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    2. I have a bunch of old 20-30V wallwarts from old inkjet printers. I don't know the amperage off hand but I bet they would do the trick if the regulator can handle it.

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  2. MeanWell has quite OK power supplies for that. Closed frame and needing no active ventilation. They work.

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  3. Cool project. And yes on Apple - they do things THEIR way. Friends found this out recently when the audio amp dock they bought wouldn't work with their Touch or Iphone anymore. The culprit - Apple's IOS 6.0.2.

    Wait, what? The Baofeng radios can be charged via USB? Damnation. It's about time manufacturers of Amateur Radio gear got with the program.

    It would solve so man problems. For example, my Yaesu VX-7r has a barrel connector charging port, and to connect to the radio you need a four conductor banana plug to USB adapter. Putting a fully functional USB jack on the radio would solve both problems.

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    1. I wouldn't give BaoFeng too much credit. The only way to charge it is via the large docking bay it comes with, so charging it anywhere but at home is a pain. The cable is just USB to a barrel jack, so that they could include a cheap USB wall wart for power. To program it, you still have to use a Kenwood-style programming cable.

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    2. I have a VX-7R as well and mostly agree with you however, in Yaseu's defense the 7R is pretty old now and at the time it came out I can't think of any devices that charged via USB. Also, the 7R is supposed to be waterproof (although I would hate to test that after this many years) Have you ever seen a waterproof USB connector?

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  4. Very nice sir. Definitely going on my to-do list (but maybe with ~1 A per port).
    Where did you source the female USB sockets?

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    1. eBay? I got a bag of 20, so you can probably source them from me.

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  5. What's with the black capacitor looking thing in the upper right of the second picture?

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    1. At a guess, an output barrel connector to the Chumby

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    2. It's a large filter capacitor to keep my Chumby happy when I plug in other USB devices.

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  6. this might help you adapt this project to charge apple products: http://blog.curioussystem.com/2010/08/the-dirty-truth-about-usb-device-charging/
    a resistor network is required on the d+/- pins for apple to recognize the charge current

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    1. CyberJon's got the Apple answer for you (leave it to Apple to "customize" the USB standard). I had found the LadyAda mod the builder/author mentions that I plan on using on a bench power supply that's mostly complete. I like the polyfuse idea... I may have to steal that one too. Nice build! Thanks for sharing.

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    2. Yep. I'm about to get rid of my iPod and upgrade to a Galaxy S3, so I'm putting up with it until then.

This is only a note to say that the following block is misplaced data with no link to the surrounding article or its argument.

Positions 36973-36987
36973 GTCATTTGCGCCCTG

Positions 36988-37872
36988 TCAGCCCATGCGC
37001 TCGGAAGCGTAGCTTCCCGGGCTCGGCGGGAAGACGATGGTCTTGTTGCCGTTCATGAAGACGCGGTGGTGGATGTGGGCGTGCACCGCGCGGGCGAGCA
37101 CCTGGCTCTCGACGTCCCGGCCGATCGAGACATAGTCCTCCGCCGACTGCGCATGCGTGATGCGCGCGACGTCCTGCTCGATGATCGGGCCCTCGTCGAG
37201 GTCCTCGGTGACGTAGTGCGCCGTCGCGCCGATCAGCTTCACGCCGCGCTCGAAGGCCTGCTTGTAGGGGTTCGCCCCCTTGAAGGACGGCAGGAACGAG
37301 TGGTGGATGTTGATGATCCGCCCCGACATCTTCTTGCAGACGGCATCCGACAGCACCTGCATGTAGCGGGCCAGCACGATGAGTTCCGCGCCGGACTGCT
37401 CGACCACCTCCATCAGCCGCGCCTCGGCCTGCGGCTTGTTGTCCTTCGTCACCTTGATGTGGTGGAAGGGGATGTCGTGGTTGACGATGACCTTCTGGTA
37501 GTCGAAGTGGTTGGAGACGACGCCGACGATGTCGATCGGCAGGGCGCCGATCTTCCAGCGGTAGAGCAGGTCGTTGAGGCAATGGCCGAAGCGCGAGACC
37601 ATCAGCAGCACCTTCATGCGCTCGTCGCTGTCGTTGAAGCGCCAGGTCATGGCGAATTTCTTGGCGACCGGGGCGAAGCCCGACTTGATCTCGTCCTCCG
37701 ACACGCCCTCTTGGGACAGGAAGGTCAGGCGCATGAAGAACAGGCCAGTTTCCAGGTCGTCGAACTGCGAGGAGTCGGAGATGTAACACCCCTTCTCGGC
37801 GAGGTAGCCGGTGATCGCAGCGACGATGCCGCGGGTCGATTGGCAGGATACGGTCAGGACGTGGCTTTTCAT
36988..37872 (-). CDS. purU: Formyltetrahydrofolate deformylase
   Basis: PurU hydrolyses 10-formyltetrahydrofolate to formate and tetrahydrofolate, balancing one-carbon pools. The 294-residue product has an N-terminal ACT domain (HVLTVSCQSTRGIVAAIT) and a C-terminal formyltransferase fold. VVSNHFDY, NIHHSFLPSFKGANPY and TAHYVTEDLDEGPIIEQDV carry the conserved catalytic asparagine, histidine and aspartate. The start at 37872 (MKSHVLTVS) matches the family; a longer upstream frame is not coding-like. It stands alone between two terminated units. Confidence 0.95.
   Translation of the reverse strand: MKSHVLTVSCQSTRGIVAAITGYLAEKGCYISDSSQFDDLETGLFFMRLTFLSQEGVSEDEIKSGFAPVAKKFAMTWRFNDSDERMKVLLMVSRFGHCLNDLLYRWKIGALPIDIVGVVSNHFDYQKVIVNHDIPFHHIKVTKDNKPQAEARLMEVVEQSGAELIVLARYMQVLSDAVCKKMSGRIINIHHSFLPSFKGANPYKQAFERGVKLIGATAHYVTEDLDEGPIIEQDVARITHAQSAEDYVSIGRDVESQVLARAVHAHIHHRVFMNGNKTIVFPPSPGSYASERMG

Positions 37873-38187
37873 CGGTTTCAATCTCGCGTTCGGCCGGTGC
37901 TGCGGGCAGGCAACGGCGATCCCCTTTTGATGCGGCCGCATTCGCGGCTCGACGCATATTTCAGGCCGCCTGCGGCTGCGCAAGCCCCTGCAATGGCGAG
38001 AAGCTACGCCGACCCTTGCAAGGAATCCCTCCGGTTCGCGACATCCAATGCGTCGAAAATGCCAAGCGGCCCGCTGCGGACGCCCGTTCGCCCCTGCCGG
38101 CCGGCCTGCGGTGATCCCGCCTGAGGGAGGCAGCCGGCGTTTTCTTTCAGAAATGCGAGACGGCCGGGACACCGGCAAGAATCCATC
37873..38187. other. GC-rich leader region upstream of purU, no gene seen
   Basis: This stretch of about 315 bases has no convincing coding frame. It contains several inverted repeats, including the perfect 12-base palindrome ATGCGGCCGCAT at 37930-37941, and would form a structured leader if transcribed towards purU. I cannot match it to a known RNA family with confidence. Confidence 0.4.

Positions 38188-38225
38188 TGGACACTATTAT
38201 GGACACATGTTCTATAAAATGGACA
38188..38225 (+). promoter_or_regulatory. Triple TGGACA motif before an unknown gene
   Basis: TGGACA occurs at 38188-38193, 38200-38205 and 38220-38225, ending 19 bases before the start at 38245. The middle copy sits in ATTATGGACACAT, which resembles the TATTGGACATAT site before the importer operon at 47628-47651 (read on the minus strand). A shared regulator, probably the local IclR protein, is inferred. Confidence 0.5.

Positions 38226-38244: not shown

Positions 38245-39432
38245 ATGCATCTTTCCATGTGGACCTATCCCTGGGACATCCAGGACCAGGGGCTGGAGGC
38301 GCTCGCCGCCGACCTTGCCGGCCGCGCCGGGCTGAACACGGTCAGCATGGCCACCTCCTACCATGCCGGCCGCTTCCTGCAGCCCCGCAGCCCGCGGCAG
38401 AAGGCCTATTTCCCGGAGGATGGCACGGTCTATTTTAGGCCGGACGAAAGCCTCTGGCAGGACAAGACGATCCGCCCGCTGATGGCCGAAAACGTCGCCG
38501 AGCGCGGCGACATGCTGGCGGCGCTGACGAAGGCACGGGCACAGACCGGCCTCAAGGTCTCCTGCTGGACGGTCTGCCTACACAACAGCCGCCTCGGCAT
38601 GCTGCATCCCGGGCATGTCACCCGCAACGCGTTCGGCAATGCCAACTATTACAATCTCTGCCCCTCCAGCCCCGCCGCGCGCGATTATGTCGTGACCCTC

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    3. Kenneth, did you ever consider buying an Xperia Z?

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  7. Looks a great project!
    For a while I wanted to build a desktop power strip for devices like hard-disk drives and so, inside a power socket.
    Could you please post some schematics for the less saviors as me? :)
    Thank you!

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    1. 12V barrel jack ---> Voltage regulator ---> poly fuse ---> USB socket.

      Short together the two middle pins on the USB connectors, look up the pinout online to get the 5V vs ground order correct, and then connect together the grounds of the USB connections, the voltage regulator, and the input barrel jack.

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  8. Is it a bad idea or not to run usb hubs from an old at psu?

    I run one 12v usb3 3.5 hard disk enclosure, a usb 3 12v hub, a usb2 5v hub for 5-7 devices and one hub with faulty logic for powering leds/breadboard from usb breakout cables. the supply is speced at a max 20a 5v, 10a 12v! so plenty of headroom. Also it makes a nice monitor and tablet stand.

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  9. The thing is that USB charging spec is supposed to hit a current limit, not a polyfuse, so the device can actually use the droop in voltage to reduce the heat generated internally when charging a totally flat battery.

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  10. Hi, can I use this DIY to make a portable battery pack for galaxy s3? any changes do i have to make? and how many 1.5v cells do i need to use?
    thank you.

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    1. I use it for my S3 every night. You'll need an input voltage higher than 5V, so 6V may work, but I'd recommend at least 7.5V.

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  11. thanks for the tip.I'm gonna make one and toss it in my backpack.is fuse a must? I couldn't find it here.any alternatives?

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  12. I am fairly new to electronics from a making them standpoint so this may be a dumb question for which I apologize. Would it be possible to get a wiring diagram or a short explanation of how to wire everything together? Thanks.

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  13. Are the usb ports held in by tension? I'm thinking about building this right into my IKEA bedside table.

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    1. They have slight clips for sheet metal mounting. I glued mine in place since the plastic was too thick.